Mars Science Lab Begins Radiation Assessment

An artist's rendition of the Mars Science Laboratory in cruise configuration. (Credits: NASA).

NASA’s Mars Science Laboratory Curiosity, which launched on November 26 and is now en route to Mars, has begun taking measurements with RAD. RAD is the Radiation Assessment Detector aboard the rover and is the first of the ten instrument suite to be engaged. 

Although radiation monitoring has been performed many times in space, it is usually assessed from the outer surface of a spacecraft. RAD, on the other hand, was designed to measure radiation as a human would experience it – from inside the shielded interior.  “The instrument is deep inside the spacecraft, the way an astronaut would be, “said Don Hassler, RAD’s principal investigator. “Understanding the effects of the spacecraft on the radiation field will be valuable in designing craft for astronauts to travel to Mars.”

In the video below, Hassler explains how this radiation study is unique and will help pave the way for deep space crewed missions.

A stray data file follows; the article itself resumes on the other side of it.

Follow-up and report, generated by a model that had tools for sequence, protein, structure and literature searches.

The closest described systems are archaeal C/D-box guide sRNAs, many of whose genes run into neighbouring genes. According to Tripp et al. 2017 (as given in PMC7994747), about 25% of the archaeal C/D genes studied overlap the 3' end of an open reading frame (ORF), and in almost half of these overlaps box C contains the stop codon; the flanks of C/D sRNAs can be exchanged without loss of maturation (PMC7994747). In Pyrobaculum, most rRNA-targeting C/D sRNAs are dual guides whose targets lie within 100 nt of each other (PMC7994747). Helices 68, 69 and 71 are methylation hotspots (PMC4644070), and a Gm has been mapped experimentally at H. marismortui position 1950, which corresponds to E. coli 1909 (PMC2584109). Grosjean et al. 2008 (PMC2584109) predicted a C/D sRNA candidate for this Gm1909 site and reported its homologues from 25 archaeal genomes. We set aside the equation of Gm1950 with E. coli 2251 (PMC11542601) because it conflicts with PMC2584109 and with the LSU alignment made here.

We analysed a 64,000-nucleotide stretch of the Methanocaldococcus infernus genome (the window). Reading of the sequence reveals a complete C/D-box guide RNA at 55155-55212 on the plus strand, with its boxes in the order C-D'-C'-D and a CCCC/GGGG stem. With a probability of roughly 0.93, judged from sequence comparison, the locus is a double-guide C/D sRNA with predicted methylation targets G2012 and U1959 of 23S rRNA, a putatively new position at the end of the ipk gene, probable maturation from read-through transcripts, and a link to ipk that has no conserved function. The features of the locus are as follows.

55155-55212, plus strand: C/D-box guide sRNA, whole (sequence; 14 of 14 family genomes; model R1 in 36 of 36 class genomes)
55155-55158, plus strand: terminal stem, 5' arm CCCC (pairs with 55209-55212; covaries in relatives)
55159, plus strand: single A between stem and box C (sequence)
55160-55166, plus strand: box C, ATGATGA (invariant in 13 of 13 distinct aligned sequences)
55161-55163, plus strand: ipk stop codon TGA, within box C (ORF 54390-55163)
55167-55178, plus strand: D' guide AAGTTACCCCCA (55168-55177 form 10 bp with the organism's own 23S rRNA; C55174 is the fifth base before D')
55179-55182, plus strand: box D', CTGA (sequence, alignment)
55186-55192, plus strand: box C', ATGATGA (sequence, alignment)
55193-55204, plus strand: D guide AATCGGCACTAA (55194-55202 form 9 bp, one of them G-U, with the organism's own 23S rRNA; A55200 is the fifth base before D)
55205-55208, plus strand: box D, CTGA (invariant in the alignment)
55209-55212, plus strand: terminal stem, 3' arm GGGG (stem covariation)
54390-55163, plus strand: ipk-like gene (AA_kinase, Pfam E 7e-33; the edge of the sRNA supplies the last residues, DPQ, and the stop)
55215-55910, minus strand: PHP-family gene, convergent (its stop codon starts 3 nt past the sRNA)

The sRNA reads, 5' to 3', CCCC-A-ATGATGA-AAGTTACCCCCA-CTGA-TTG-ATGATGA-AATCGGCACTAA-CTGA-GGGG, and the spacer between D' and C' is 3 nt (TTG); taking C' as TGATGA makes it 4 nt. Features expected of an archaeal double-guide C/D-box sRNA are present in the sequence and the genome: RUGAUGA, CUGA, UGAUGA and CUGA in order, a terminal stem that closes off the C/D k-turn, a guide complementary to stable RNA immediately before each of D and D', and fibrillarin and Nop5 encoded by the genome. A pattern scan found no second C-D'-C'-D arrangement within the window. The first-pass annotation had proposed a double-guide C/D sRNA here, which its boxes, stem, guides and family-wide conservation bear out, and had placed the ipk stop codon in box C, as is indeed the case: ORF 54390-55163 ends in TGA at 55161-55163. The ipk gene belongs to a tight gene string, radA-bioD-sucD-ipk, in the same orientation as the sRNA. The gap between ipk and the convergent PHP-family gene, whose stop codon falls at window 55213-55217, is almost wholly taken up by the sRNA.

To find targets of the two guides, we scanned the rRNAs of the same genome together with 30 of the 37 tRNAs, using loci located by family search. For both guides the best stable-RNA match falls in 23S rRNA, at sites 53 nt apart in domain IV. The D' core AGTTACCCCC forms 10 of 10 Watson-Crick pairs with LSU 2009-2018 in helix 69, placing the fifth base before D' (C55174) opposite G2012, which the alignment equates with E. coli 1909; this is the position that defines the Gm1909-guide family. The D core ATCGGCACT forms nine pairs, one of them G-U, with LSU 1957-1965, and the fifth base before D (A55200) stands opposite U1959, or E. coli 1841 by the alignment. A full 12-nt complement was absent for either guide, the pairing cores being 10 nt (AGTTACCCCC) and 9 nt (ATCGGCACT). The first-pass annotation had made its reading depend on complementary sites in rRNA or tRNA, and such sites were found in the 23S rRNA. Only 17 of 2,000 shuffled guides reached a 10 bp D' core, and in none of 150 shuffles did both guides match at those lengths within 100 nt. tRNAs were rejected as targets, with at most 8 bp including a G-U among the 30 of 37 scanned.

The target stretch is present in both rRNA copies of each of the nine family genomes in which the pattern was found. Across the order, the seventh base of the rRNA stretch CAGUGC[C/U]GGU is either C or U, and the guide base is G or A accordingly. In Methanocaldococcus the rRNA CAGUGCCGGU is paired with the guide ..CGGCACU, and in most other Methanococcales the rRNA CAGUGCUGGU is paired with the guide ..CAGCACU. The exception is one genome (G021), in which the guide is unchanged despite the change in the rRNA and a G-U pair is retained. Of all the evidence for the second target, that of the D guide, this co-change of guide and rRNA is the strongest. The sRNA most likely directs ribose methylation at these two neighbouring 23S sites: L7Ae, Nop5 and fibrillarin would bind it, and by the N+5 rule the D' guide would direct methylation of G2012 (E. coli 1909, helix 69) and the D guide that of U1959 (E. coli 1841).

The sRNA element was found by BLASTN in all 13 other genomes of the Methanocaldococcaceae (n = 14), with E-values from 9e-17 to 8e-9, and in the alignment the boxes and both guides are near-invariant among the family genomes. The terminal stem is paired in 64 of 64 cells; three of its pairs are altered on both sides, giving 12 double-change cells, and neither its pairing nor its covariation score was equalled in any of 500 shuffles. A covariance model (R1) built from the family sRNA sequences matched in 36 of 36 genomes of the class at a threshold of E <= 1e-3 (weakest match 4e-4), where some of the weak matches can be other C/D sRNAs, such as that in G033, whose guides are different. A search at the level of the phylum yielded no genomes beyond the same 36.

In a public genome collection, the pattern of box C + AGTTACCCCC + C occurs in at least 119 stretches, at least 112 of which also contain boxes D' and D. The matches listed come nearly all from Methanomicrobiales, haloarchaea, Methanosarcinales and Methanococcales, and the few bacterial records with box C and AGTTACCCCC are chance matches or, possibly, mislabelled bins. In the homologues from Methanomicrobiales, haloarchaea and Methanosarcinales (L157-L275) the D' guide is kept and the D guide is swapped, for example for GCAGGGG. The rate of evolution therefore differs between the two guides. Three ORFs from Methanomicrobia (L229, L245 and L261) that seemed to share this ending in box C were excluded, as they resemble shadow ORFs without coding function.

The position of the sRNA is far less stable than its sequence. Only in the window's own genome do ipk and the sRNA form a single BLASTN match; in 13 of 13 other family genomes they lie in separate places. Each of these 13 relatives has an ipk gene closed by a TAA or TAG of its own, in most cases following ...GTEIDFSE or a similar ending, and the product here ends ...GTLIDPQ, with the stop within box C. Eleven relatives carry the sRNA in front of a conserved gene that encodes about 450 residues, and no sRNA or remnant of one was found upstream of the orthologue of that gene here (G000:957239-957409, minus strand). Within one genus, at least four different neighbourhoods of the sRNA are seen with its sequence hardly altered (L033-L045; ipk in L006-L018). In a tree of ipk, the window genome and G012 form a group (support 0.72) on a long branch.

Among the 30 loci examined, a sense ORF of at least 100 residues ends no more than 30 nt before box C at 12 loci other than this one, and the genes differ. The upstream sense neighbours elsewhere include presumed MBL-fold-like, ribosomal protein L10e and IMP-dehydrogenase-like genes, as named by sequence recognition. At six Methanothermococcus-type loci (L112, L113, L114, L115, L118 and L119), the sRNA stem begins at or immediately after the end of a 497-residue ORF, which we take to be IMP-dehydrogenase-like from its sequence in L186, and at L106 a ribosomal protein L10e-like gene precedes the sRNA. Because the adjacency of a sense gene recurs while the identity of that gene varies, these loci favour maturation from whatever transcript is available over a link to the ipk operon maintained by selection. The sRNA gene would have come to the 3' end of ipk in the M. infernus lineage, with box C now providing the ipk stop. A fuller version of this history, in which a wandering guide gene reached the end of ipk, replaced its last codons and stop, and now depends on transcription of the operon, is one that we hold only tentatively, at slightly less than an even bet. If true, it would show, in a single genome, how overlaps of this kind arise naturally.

About the author

Merryl Azriel

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Having wandered into professional writing and editing after a decade in engineering, science, and management, Merryl now enjoys reintegrating the dichotomy by bringing space technology and policy within reach of an interested public. After three years as Space Safety Magazine’s Managing Editor, Merryl semi-retired to Visiting Contributor and manager of the campaign to bring the International Space Station collaboration to the attention of the Nobel Peace Prize committee. She keeps her pencil sharp as Proposal Manager for U.S. government contractor CSRA.

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